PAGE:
Your shift falls on a full moon? Look out!

AISETUPYou go to work for your night shift and look up at the moon. A feeling of dread washes over you as you see a bright round ball of a moon sitting up there among the clouds and stars.

As you walk onto the floor, you see the haunted look in the eyes of your coworkers. Already the whisperings are starting about the obscenely full moon outside.

You are all expecting a night of hell, a night of torture. Everyone knows that a full moon means that there are more admissions, more sick people, and more craziness.

There is nothing you can do but grit your teeth and face the full moon effect head on. The question remains, though: does the full moon really affect patients?

The Myth

The myth of the full moon has been around for a very long time. In ancient times, many phenomenon were blamed on the moon, and that is still a common assumption today.

After all, the moon is mysterious, controlling the tide and coinciding with a woman’s reproductive cycle. It also has a role in keeping the earth in balance.

Is it any wonder that the full moon is blamed for the craziness of a night’s shift? From nurses to doctors to midwives, the belief is strong that a full moon results in more work.

Some would swear to it, saying they’ve experienced it before. If you’ve worked in healthcare, you’ve either heard this saying or experienced it yourself.

The Science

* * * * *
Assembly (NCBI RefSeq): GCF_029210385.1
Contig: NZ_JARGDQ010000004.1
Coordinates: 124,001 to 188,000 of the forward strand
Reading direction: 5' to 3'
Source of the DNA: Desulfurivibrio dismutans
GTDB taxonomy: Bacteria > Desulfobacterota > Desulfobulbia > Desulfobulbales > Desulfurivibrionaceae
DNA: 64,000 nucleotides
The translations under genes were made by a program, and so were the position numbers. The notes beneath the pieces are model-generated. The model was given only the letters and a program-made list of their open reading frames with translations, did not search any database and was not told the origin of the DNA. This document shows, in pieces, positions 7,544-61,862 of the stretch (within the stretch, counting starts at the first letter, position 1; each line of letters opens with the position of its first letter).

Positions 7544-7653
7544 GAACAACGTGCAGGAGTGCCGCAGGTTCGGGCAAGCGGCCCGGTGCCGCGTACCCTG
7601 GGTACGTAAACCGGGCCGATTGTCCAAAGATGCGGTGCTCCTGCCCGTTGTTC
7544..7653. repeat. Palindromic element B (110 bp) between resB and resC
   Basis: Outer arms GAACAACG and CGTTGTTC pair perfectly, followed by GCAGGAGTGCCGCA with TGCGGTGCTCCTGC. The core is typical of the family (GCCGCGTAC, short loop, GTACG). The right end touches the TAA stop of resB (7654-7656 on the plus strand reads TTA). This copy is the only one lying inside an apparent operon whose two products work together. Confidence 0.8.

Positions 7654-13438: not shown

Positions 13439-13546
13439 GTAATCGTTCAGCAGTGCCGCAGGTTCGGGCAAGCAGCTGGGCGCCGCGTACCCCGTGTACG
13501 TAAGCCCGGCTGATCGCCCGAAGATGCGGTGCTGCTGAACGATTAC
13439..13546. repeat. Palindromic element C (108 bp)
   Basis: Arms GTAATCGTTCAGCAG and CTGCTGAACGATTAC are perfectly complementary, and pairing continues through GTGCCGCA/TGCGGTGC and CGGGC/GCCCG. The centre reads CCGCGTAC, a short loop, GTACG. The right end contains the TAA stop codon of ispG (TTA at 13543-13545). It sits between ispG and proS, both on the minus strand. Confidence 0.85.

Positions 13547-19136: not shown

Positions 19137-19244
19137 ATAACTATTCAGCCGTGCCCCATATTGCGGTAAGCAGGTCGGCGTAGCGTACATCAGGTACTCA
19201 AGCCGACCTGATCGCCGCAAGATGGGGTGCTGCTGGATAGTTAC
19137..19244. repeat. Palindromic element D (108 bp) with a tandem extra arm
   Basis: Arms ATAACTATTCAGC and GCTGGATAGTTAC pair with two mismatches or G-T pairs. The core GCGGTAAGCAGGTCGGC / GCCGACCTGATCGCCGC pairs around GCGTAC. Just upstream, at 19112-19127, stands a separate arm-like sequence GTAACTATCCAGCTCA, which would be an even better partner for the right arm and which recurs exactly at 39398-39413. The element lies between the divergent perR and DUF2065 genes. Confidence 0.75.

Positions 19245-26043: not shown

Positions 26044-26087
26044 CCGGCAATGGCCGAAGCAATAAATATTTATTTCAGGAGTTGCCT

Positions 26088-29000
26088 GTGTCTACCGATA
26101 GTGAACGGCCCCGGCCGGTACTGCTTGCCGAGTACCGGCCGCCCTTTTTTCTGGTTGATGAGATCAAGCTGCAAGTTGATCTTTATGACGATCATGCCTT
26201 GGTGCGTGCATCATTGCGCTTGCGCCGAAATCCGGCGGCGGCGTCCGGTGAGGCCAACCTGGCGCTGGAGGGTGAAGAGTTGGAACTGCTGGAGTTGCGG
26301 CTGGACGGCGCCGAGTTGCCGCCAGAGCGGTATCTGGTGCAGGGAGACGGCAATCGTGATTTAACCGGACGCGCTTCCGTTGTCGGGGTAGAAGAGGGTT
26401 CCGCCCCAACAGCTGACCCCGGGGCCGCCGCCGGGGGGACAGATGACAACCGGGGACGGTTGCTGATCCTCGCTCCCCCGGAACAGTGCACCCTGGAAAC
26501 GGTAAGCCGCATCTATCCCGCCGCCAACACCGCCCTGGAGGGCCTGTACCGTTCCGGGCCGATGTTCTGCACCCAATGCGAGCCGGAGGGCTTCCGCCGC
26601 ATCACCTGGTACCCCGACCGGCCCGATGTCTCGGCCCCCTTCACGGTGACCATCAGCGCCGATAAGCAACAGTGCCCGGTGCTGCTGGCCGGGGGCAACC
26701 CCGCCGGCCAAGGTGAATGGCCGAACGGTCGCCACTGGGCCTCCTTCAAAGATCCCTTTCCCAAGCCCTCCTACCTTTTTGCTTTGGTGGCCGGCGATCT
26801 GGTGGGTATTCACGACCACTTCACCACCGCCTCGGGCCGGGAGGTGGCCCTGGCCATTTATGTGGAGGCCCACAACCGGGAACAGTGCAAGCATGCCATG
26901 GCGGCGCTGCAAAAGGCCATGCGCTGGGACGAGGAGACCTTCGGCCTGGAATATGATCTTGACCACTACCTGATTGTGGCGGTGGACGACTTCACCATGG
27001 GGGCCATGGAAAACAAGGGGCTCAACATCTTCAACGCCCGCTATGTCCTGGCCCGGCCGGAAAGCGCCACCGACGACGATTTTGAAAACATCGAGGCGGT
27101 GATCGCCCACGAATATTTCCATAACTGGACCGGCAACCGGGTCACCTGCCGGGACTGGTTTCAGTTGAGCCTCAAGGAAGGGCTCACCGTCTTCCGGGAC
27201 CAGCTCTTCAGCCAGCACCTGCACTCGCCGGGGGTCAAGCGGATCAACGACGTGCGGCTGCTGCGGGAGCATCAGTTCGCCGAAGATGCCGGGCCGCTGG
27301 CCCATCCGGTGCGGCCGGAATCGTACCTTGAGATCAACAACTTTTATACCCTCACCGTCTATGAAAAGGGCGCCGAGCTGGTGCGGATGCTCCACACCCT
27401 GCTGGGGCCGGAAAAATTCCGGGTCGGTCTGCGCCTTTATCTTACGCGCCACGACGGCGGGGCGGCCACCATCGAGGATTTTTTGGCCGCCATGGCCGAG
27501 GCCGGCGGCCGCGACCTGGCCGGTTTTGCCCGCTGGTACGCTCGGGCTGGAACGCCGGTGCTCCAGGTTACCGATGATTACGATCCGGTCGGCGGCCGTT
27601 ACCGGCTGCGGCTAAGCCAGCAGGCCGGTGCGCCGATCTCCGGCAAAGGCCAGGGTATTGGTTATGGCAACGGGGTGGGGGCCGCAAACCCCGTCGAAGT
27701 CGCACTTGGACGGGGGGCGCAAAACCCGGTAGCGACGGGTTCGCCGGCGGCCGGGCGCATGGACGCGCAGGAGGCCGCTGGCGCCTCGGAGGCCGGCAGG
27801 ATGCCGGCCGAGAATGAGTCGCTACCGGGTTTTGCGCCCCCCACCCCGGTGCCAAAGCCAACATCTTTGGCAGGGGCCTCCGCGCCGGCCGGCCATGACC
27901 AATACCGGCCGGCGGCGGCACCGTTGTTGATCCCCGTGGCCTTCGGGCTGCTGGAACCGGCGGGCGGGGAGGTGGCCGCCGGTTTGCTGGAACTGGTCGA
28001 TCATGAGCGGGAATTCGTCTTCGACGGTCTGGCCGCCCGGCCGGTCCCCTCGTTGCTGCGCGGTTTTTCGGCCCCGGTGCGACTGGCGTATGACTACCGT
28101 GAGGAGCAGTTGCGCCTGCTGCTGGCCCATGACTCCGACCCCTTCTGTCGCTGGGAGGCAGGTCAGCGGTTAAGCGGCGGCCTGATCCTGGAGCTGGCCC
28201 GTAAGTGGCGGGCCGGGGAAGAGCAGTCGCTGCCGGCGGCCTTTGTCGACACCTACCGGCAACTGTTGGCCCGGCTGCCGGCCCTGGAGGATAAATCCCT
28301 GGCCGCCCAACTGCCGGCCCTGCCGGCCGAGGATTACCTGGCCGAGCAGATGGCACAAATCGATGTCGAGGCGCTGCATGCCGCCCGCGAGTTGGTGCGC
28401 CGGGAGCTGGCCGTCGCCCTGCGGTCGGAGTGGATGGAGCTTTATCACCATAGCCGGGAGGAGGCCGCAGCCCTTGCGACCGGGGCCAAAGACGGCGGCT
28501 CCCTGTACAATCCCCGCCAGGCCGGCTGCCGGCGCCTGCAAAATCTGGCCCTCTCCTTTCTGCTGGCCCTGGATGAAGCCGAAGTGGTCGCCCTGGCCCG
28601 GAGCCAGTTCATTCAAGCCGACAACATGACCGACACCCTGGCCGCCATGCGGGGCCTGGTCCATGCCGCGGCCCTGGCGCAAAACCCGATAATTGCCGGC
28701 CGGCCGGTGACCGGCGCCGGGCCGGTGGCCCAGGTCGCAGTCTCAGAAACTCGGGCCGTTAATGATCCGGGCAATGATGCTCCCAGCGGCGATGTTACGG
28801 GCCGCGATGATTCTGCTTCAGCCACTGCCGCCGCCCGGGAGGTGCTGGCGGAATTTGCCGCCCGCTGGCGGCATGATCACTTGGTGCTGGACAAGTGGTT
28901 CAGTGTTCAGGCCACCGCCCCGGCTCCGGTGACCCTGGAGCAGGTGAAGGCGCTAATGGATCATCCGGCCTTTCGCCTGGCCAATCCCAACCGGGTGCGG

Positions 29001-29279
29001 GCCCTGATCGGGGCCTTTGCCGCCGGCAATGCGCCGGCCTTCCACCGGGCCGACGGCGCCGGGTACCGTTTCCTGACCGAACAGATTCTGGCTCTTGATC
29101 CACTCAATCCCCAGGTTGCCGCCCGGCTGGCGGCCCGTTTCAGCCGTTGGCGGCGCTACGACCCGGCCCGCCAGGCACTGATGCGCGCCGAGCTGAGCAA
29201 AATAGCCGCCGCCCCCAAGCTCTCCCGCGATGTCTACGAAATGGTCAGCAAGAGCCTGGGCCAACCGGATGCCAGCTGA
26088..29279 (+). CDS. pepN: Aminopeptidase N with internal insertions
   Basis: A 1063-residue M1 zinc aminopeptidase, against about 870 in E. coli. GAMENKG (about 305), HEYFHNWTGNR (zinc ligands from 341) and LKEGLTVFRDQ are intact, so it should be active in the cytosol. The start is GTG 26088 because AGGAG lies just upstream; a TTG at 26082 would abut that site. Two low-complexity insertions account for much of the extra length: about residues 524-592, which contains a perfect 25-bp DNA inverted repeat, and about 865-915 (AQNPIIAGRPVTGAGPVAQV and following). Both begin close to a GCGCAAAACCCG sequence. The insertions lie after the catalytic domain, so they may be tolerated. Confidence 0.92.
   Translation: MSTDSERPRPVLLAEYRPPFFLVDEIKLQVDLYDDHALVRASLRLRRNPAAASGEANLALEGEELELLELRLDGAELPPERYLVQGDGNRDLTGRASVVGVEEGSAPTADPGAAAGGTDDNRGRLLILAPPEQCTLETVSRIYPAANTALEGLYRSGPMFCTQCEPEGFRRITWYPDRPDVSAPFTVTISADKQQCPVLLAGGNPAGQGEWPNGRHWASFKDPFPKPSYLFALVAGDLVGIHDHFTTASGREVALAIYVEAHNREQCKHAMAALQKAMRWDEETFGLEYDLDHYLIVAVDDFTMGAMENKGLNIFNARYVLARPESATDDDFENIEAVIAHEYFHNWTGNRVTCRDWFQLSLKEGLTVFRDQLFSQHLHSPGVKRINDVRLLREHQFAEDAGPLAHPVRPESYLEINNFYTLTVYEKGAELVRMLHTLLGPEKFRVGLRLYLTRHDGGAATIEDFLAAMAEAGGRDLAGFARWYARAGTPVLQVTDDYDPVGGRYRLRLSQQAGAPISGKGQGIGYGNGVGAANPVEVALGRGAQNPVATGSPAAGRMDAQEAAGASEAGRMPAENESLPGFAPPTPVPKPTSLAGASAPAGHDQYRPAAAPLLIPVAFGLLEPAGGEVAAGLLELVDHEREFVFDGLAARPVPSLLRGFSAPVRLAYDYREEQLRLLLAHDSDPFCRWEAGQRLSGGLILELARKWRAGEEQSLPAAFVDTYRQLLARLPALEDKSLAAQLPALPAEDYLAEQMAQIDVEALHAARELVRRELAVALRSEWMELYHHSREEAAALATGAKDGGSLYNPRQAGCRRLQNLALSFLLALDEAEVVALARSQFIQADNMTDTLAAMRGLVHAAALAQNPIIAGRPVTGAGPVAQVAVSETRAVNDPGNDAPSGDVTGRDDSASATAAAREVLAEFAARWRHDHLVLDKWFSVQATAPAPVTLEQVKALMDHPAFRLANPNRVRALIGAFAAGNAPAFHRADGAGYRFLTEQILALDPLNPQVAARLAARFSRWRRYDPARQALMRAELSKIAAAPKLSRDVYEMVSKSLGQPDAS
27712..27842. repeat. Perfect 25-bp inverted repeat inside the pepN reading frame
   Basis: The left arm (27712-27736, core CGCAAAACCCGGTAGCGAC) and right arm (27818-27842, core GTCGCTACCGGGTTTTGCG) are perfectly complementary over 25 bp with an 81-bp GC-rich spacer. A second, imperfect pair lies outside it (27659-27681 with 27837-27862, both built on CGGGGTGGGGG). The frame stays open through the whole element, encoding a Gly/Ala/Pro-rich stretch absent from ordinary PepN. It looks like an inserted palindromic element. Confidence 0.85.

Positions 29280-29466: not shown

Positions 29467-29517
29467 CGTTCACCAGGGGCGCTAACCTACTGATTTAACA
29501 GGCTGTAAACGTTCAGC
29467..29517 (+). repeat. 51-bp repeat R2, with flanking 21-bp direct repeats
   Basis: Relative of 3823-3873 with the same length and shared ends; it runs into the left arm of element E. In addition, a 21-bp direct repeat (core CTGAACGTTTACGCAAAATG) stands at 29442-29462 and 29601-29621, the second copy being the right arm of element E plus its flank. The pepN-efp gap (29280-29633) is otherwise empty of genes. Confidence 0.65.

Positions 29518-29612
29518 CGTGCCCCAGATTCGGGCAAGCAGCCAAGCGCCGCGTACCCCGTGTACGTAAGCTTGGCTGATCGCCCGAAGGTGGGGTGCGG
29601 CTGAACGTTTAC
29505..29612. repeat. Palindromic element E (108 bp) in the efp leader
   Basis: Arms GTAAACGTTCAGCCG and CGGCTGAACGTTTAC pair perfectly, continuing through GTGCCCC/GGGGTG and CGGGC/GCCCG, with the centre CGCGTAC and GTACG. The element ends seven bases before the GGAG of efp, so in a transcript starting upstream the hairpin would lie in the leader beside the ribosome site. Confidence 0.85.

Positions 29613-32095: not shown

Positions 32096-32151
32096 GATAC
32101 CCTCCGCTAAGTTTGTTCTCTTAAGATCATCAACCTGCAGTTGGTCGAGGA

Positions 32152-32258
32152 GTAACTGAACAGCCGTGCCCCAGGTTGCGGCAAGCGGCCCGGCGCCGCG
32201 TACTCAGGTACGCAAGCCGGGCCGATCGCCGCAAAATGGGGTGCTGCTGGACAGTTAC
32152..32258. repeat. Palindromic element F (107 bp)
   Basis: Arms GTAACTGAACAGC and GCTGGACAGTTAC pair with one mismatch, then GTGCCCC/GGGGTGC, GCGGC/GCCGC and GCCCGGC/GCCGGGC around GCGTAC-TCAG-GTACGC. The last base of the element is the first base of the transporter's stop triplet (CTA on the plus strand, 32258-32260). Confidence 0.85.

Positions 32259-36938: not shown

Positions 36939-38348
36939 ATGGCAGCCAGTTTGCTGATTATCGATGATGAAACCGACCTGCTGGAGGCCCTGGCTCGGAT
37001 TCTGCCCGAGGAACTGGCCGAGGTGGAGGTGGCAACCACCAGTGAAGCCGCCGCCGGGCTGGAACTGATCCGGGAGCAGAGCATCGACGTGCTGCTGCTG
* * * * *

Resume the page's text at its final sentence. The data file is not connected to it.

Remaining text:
According to studies cited in the article “Is The Moon To Blame?,” the answer is no. The article asserts that the common knowledge among nurses about the full moon is mere superstition.

In fact, crazy nights happen no matter how the moon looks. Even particularly crazy nights can happen without the presence of a full moon.

Of course, we know that, but when confronted with bizarre patient behaviors, we sometimes notice the moon is full. However, we don’t notice the perfectly normal nights that pass when the moon is full, too.

It is a case of selective reasoning. We only look to the full moon when the problems occur instead of scientifically determining if the moon is the cause of the influx of patients and work.

Drawing Your Own Conclusions

You may not want to believe the scientific results of studies that found the full moon has no effect on patient’s behavior, and that’s okay. If it takes the belief to get you ready for the night, then who can blame you?

The truth is, though, that not one study has shown a correlation between the moon and patients. When the moon is full, researchers have found that, over time, there is no reason to suspect crazy behavior.

Despite what nurses may believe, it is all random. You may get a night that is difficult on a full moon night, but it is just as likely that patients act out on a half-moon night, too.

Keep a log, if you want, observing the moon and your shift, if you are convinced. You will see that the moon cannot be blamed for your bad shift. It is just dumb nurses’ luck.

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